The contribution of this article consists of a systematic analysis of the audit risk matrix completing the existing literature, which is why the field can be discussed more widely. Since all the information was extracted from only one database (Audit Analytics), this paper faced a series of limitations such as the small number of identified companies and the lack of financial information from Central and Eastern European companies; therefore, there is enough space for future research using other viable and prestigious database platforms. It is no secret that companies from the eastern part of Europe still face the compliance and imposition of accounting rules and the corresponding auditor regulations. This situation limits researchers in this area of expertise, but we can also see it as an advantage since the area needs to be thoroughly researched.
Analyzing the results of this research, we concluded that although this topic has been studied in various financial fields, it has never been presented in this way before and if we consider the development of new risks, we can say that this article can only begin a series of research in this area, considering the numerous possibilities for future studies.
The main limitation of the paper can be an opportunity for the possible future research directions, these being the expansion of the sample over a significant number of companies, and why not even use a database whose information includes companies listed on the US Stock Exchange. At the same time, we can consider developing a bibliometric analysis of the topic. Therefore, creating a qualitative statistical analysis for an econometric model analyzing the factors that influence the content of financial documents might be the next step of this research.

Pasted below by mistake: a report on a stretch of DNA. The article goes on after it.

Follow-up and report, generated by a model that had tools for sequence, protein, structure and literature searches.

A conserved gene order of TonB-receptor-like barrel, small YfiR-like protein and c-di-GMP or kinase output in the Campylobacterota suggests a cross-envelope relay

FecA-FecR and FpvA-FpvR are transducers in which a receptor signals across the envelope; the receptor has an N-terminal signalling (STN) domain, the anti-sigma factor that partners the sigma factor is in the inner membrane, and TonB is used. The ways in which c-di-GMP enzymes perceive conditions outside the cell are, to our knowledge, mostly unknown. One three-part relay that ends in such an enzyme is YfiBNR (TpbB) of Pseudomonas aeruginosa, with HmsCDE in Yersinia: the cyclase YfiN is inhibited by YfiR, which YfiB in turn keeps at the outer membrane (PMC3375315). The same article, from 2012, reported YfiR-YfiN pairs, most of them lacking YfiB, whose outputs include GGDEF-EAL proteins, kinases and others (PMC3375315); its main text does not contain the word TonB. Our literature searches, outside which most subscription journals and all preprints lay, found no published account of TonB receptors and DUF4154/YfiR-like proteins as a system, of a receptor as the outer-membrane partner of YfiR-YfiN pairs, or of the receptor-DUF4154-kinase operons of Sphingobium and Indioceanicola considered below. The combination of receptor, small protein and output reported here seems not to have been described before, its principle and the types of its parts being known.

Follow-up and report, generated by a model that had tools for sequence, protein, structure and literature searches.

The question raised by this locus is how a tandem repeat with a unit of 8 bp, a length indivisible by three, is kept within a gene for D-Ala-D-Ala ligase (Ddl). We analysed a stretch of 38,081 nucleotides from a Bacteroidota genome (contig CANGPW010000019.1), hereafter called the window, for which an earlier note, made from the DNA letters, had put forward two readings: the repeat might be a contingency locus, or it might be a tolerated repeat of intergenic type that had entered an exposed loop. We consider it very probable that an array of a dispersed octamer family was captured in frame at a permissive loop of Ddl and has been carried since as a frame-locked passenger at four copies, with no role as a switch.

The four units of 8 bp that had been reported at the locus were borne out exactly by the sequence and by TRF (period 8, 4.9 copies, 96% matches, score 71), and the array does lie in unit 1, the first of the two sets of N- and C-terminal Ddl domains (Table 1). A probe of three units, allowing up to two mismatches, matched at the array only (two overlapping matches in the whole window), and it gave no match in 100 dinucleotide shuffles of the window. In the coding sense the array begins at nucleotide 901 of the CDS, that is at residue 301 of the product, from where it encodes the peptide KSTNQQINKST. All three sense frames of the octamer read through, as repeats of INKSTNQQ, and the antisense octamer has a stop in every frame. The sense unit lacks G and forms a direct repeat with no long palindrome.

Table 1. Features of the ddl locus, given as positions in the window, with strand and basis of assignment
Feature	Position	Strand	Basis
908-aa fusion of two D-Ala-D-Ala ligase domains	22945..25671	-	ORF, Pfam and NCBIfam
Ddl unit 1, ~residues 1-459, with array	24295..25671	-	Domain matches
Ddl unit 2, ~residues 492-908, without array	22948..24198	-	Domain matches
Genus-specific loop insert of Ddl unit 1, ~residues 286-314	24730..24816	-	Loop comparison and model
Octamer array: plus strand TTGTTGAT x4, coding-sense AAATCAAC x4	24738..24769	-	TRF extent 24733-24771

Author Contributions

Conceptualization, C.-D.H. and G.-I.Ț. Methodology, C.-D.H. and G.-I.Ț; software, G-I.Ț. Investigation, G.-I.Ț. Resources, G.-I.Ț. Writing—original draft preparation, G.-I.Ț.; writing—review and editing, C.-D.H. Supervision, C.-D.H. All authors have read and agreed to the published version of the manuscript.


This research received no external funding.

Data Availability Statement

The data presented in this study are available upon request from the corresponding author.

Conflicts of Interest

The authors declare no conflict of interest.